• Featured Novel: 'The Mermaid Stair' by Maggie Secara

    Maggie Secara's fantasy The Mermaid Stair, the third standalone book in the Harper Errant series, combines elements of fairy tale, urban fantasy historical fantasy, and time-travel to tell a unique story set in 1593 and 2013. The fae folk of England's rivers, lakes, and streams are disappearing, and it's up to Ben Harper and Raven in their quest to track down and stop the "bitter man bent on their destruction".


    A scrap of parchment with a mysterious sigil... A message in a forgotten language... A mermaid paradise of waterfalls and dreams... And Ben Harperís life is about to get complicatedóagain.

    Scarred by fires inside and out, barred by his heritage from any kind of grace, half-fae Silence Carew longs for the comfort of a human soul. His life is one of unending anger and despair, until the day the voices in his head offer a monstrous solution. If he can find the nerve, and the Mermaid Stair, the reward he seeks can be bought with the blood of his motherís people, the nymphs and mermaids of England.

    When the ageless lord of the River Thames is jolted out of retirement by news of horrific death among his nymphs, he calls on the king of Faerie for aid. Already alerted by disturbing visions, Oberonís principal gentlemen, Ben Harper and acerbic, shape-changing Raven, find themselves once again in serviceóthis time on the trail of a monster. With only Benís gift of finding and faerie music as a guide, vague clues lead them on a terrible chase through Londonís many-layered history to a mythic confrontation on the banks of a vanished river. Only the gods know what will come of it all!

    Interview with Maggie Secara

    How do you bridge the two time periods of your novel's plot?

    I had to consider what things connect Roman London to early modern London, and there are many things. London is a gold mine of ancient Roman artifacts, some of them at ground level, like remnants of the old Roman wall, and the Elizabethans looked to Rome as their model of an ideal society. But what really ties them to each other and to our own modern world is the Atami: the water fae, nymphs and mermaids and a few minor goddesses. And of them all, the greatest tie is Father Tamesis, the River Thames itself.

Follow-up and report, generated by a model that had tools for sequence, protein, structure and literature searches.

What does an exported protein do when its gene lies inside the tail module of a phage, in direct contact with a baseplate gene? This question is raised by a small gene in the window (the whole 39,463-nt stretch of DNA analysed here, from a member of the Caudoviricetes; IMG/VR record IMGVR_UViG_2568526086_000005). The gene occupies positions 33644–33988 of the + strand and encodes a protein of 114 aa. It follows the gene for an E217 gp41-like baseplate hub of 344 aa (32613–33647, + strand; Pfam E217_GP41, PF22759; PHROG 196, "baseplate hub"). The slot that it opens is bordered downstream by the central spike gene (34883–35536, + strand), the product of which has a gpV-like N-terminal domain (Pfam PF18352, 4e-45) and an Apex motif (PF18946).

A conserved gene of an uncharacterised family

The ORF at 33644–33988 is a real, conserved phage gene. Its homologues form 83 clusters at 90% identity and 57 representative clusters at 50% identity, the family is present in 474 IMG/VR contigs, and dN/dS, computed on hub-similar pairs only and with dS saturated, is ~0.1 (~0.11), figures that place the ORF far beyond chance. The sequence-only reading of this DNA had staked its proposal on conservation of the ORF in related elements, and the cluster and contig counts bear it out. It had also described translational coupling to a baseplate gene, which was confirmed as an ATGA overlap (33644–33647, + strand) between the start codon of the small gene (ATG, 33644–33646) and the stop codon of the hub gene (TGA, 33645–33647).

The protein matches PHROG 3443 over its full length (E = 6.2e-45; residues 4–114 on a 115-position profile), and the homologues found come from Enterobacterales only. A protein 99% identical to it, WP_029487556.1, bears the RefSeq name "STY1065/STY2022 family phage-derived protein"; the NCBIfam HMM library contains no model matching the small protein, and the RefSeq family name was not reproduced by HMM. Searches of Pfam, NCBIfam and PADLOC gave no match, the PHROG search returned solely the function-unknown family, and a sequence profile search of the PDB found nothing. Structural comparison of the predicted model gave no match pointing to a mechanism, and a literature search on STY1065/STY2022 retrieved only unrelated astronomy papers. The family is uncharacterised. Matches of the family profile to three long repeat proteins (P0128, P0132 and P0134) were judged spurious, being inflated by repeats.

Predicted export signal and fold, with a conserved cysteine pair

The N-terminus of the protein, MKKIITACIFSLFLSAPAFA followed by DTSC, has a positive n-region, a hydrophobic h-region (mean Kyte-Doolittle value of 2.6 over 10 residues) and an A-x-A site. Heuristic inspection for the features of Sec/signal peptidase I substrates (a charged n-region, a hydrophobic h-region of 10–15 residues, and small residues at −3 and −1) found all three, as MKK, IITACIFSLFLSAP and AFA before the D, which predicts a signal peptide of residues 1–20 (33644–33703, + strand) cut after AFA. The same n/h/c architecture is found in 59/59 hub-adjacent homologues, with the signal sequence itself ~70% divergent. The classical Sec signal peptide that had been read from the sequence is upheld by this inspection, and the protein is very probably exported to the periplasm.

What subjects did you have to research about for "The Mermaid Stair"?

    Gosh, itís hard to remember exactly, but I now have a stack of books on Roman Britain to go with my existing library of 16th century material. I also wanted to know about the Thames and all the ďlost riversĒ of London as well. Naturally, you never use all your notes, but you never know what will be useful or necessary. Actually, I did keep track one week. Aside from the major elements of history and mythology, and the rivers, in that week I looked up:
    Folk songs about boats/ships, Coracles, Wind in the Willows, Dartmoor rivers, especially the River Dart, the Latin name for toads (bufo), a musical term (threnody wasnít right, but all I could think of), Beekeeping- sources of honey in Devon, the mechanics of going over a waterfall, with or without a barrel, folk songs that begin with ďAs I was a-walking...", white water rafting

    Tell us about the time travel elements. Did you have to think a lot about the complications that time travel may bring like paradox or plot holes?

    I did give it some thought, but Iím writing fantasy, not science fiction, so I didnít feel especially obliged to work out a whole Rosen-Einstein Bridge solution. People do go on about how you have to know exactly how everything works, how your magic system works, and so on. My answer is simple. Itís magic. And while the butterfly effect is one theory about the effects of time travel, there is another that says that tossing a pebble into a stream has no discernible effect on the course of the stream. Ben and Raven donít set out to meddle in historical events Ė well, except the first time, but only because Ben had already accidentally derailed something important and had to put it right. But they move through time to find something or someone that is also out of place. And itís only faerie magic that permits ďwalking the worldsĒ. Itís not something ordinary people can learn to do.

    And so far Iíve managed to keep Ben from encountering himself, or any of his ancestors. If I donít put him in a paradoxical situation, itís just not a problem. Aubrey wouldnít let him do it anyway.